Voices from across the Ocean
The exhibition “Voices from across the Ocean” tells personal stories about the Holodomor of 1932-1933 of 21 people from 10 regions of Ukraine through personal photographs and memoirs, written in the form of letters. After the 1930s, eyewitnesses emigrated to Australia, where the project’s curators, Australians of Ukrainian descent, found them to gather their evidence and preserve the memory of one of greatest genocides.
The story of each hero is unique. Letters unite the voices of the inhabitants of large cities and villages; people from different social strata, and different experiences of survival during the Holodomor. The faces of these people are forever documented in black and white photographs.
The smiles of these elderly Australians hide the stories of Ukrainian children who survived the genocide.
Even with miles of land and oceans between Ukrainians, they will always be united by national identity, language, history, and collective memory, including the Holodomor. Visitors, aware of the connection with Australian witnesseses based on a common nation code, will be able to write letters in response to those whose stories have impressed them the most.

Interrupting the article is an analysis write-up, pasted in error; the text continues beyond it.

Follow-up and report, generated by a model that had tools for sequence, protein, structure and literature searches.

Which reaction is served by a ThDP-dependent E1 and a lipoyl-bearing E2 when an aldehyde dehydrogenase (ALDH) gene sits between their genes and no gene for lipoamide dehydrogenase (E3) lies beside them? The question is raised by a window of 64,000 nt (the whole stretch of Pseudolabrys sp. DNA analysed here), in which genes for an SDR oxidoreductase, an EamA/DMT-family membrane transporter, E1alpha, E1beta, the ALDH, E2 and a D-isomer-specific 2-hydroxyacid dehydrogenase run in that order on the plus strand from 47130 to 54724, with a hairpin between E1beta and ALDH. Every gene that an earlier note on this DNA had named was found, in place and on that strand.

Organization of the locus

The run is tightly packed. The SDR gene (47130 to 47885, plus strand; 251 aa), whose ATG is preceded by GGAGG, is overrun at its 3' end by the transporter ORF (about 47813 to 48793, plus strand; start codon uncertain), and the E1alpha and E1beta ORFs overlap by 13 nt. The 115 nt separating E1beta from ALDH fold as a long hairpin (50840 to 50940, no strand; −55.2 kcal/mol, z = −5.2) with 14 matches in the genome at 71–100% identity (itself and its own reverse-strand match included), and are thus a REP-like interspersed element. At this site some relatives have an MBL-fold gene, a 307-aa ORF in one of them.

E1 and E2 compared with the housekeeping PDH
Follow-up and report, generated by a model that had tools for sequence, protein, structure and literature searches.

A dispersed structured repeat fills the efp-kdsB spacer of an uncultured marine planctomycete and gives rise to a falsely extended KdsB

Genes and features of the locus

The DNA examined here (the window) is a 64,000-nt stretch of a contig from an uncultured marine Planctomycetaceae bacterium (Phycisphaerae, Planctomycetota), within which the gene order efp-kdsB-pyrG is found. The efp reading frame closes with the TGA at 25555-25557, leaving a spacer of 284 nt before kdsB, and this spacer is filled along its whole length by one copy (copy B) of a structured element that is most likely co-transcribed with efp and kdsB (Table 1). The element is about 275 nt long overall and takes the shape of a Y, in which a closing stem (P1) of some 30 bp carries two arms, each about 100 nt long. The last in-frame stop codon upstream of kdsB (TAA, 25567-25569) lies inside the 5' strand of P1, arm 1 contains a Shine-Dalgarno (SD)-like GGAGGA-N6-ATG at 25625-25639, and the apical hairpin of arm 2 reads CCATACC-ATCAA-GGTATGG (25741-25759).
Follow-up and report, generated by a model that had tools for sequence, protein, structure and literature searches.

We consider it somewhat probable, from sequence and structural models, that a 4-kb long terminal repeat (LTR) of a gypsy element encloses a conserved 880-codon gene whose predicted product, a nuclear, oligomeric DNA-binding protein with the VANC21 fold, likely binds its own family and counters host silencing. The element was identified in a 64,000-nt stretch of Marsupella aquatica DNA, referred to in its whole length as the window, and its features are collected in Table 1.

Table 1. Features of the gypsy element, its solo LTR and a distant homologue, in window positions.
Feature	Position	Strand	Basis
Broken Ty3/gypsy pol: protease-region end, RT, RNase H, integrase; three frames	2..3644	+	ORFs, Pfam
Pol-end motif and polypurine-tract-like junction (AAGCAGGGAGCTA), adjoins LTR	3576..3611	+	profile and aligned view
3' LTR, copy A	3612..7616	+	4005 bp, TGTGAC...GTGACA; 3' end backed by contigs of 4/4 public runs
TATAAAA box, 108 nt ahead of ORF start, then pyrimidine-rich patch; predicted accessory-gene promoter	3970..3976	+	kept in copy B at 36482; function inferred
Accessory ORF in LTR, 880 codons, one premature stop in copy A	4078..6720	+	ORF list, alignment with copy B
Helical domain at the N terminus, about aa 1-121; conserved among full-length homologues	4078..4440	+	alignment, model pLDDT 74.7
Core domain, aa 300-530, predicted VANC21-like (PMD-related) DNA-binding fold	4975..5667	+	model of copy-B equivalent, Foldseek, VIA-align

Yanina Green and Halyna Kostyuk, Australian curators, say,
“We decided to focus on living witnesses to engrave their beautiful features when it is still possible. We gave them the opportunity to tell about their experience with their own voices, words and faces, because the face itself is a universal symbol of humanity. After removing the color, we ‘aligned’ the images, allowing us to focus on people’s faces; increasing the scale of the portraits allowed us to literally make them bigger than in real life, but still close to us.”
You can watch the opening of the exhibition “Voices from overseas” at the link.